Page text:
Dr. Atiur Rahman

Dr. Atiur Rahman presenting a keynote paper at the SEACEN-OMFIF Policy Summit at Kuala Lumpur on September 08, 2017. Photo: BBN

Dhaka, Bangladesh (BBN) – Stringent regulation can result in hindering financial inclusion and financial exclusion may also cause instability, Atiur Rahman, former Governor of Bangladesh Bank (BB) said.

“Regulation of financial sector is needed to prevent credit bubbles, create level playing field for all actors and to ensure stability of the sector as a whole,” Dr. Rahman said while presenting a keynote paper at the SEACEN-OMFIF Policy Summit at Kuala Lumpur on Friday.

Chaired by Dr. Hand Genberg, Executive Director of SEACEN the session was also shared by Professor David Mayes of Aukland University, according to a message, received in Dhaka from Kuala Lumpur.

During the last global financial crisis, on the one hand due to lax regulation in the developed countries financial sector was collapsing, on the other hand, a quiet revolution of financial inclusion was taking place in some developing countries like Bangladesh, the former governor explained.

He also said that regulation can facilitate financial inclusion if done properly. For example, in case of African countries like Kenya and Tanzania, prudent moves from the regulators ensured fair competition and interoperability in the mobile–payment market.

On the other hand, due to lax regulation big banks are favored in Indonesia over smaller operators and as a result only 36 per cent of the adults have accounts with formal financial service providers.

He added that in India, introduction of the Aadhaar card has ensured reliable source of information about the customers (especially the low income customers) for the financial service providers.

“Thus, the technology based regulations have helped enhanced financial inclusion.”
When discussing the role of the regulators in Bangladesh, Dr. Rahman told that Bangladesh adopted a ‘learning by doing’ approach.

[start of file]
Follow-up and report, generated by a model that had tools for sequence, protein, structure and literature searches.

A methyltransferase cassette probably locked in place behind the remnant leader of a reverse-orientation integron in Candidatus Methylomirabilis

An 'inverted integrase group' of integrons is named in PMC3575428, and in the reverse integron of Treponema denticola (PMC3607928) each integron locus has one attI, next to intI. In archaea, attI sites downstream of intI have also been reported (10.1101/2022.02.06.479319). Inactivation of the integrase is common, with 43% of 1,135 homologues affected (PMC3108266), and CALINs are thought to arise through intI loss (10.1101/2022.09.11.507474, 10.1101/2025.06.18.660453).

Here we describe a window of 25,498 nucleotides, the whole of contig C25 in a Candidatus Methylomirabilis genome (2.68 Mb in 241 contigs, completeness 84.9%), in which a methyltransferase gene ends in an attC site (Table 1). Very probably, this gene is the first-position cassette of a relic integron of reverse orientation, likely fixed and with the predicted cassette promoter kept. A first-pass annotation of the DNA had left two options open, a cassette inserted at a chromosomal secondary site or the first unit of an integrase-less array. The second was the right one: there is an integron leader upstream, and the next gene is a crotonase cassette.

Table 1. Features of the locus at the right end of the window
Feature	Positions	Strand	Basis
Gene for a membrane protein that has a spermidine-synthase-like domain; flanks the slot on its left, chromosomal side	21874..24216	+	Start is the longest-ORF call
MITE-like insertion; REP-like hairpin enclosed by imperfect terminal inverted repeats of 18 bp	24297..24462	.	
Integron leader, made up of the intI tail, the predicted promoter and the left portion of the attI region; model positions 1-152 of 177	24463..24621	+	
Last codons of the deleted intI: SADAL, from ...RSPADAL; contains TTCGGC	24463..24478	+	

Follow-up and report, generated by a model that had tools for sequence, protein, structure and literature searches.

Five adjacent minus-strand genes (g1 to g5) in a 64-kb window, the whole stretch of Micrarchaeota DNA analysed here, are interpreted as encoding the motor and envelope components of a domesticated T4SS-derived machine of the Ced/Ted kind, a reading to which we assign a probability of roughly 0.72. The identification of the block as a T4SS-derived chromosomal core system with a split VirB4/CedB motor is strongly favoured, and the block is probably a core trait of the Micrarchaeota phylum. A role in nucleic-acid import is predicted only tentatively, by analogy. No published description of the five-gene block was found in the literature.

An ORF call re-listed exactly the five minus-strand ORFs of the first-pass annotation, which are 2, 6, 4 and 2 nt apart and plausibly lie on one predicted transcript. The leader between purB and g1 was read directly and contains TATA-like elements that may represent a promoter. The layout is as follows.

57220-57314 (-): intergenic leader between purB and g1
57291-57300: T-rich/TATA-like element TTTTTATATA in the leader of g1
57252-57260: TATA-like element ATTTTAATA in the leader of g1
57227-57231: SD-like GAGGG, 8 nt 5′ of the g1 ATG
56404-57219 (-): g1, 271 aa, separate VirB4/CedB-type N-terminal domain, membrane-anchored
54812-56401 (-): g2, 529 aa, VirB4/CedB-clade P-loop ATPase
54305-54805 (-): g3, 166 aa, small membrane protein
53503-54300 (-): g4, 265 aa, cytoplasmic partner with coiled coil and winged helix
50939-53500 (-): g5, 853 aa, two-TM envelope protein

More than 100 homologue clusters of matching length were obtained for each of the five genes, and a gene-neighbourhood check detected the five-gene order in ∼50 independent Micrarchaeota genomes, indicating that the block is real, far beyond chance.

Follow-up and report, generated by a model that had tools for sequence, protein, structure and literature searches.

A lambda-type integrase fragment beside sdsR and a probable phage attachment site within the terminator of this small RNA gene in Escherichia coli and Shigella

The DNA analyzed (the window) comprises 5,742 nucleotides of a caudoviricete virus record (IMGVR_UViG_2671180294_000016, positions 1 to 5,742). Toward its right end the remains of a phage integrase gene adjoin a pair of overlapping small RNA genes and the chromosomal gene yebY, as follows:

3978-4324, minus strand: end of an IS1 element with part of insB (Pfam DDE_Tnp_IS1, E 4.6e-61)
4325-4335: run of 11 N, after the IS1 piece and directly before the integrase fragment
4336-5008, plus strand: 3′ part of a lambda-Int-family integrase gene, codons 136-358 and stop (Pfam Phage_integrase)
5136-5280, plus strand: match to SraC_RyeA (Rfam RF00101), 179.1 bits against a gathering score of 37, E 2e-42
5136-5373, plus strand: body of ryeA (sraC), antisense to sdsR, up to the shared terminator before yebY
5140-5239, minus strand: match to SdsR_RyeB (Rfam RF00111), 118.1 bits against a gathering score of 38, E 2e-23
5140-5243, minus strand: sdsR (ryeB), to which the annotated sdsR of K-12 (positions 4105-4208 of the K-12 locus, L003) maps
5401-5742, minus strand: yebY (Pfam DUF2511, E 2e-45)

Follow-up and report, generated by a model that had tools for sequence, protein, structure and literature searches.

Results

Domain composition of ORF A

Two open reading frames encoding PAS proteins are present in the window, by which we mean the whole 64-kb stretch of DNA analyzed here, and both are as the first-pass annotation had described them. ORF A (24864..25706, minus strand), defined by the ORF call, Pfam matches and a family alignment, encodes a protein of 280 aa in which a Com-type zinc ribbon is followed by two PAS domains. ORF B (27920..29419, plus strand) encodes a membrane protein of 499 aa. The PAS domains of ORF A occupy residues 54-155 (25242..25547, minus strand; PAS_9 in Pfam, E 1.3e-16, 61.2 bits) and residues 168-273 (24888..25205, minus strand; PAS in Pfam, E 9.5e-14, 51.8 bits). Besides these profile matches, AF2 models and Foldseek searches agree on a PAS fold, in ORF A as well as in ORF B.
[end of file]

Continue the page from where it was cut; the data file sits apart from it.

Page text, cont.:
The central bank of Bangladesh promoted ‘out of box’ thinking, which has been taking advantage of evolving technology (fin-tech) in payment systems and emphasizing on stakeholder consultation and motivation.

The BB, the country’s central bank, through numerous prudent and innovative steps has promoted development of real economy e.g. agriculture sector, financing SMEs, promotion of women entrepreneurs, agent banking, loan to share-croppers, mobile financial service and green financing.

“Such inclusive finance initiatives have ensured access to segments of people who were previously un-served or under-served. This in turn, has contributed towards creating resilience against the global shock and maintaining stability in economic growth.”

Recent global financial crisis has led to more stringent regulations often without a human face, according to Dr. Rahman.

He also said the developed countries ‘helicoptered’ money to financial institutions as a ‘fire-fighting’ response to the crisis with some success but the sustainable recovery is yet to be ensured.

In most developing countries including Bangladesh money has reached the un-served perhaps through ‘bullock carts’ and bolstered productive activities.

The implication here is that a ‘one size fits all’ approach to regulation will not work. Instead proportionate regulation is needed.

Regulators must create provision of risk differentiation based on country risk, business risk, product risk etc. Risk mitigation and Customer Due Diligence (CDD) measures should be proportionate with the risk level of a customer.

“Above all it has to be acknowledged that it’s not a “zero failure” regime. It is unrealistic to expect that ML/TF activities would never occur,” he noted.

Dr. Rahman also said instead the focus should be on effective implementation of AML/CML systems without jeopardizing the financial access opportunities for the lower income groups in the name of stringent supervision.

Simultaneously, regulation and supervision should take advantage of the new opportunities being created by evolving technologies in the arena of fin-tech solutions.

Further, he argued that central banks must put more focused emphasis on meeting the challenges of Human Resources Development to face the new challenges originating from ever changing technological development with huge implications for financial inclusion.

Human Resources Development of the financial sector ought to be humane as well so that there is a desired change in their mindset to work for the unbanked and underserved, he added.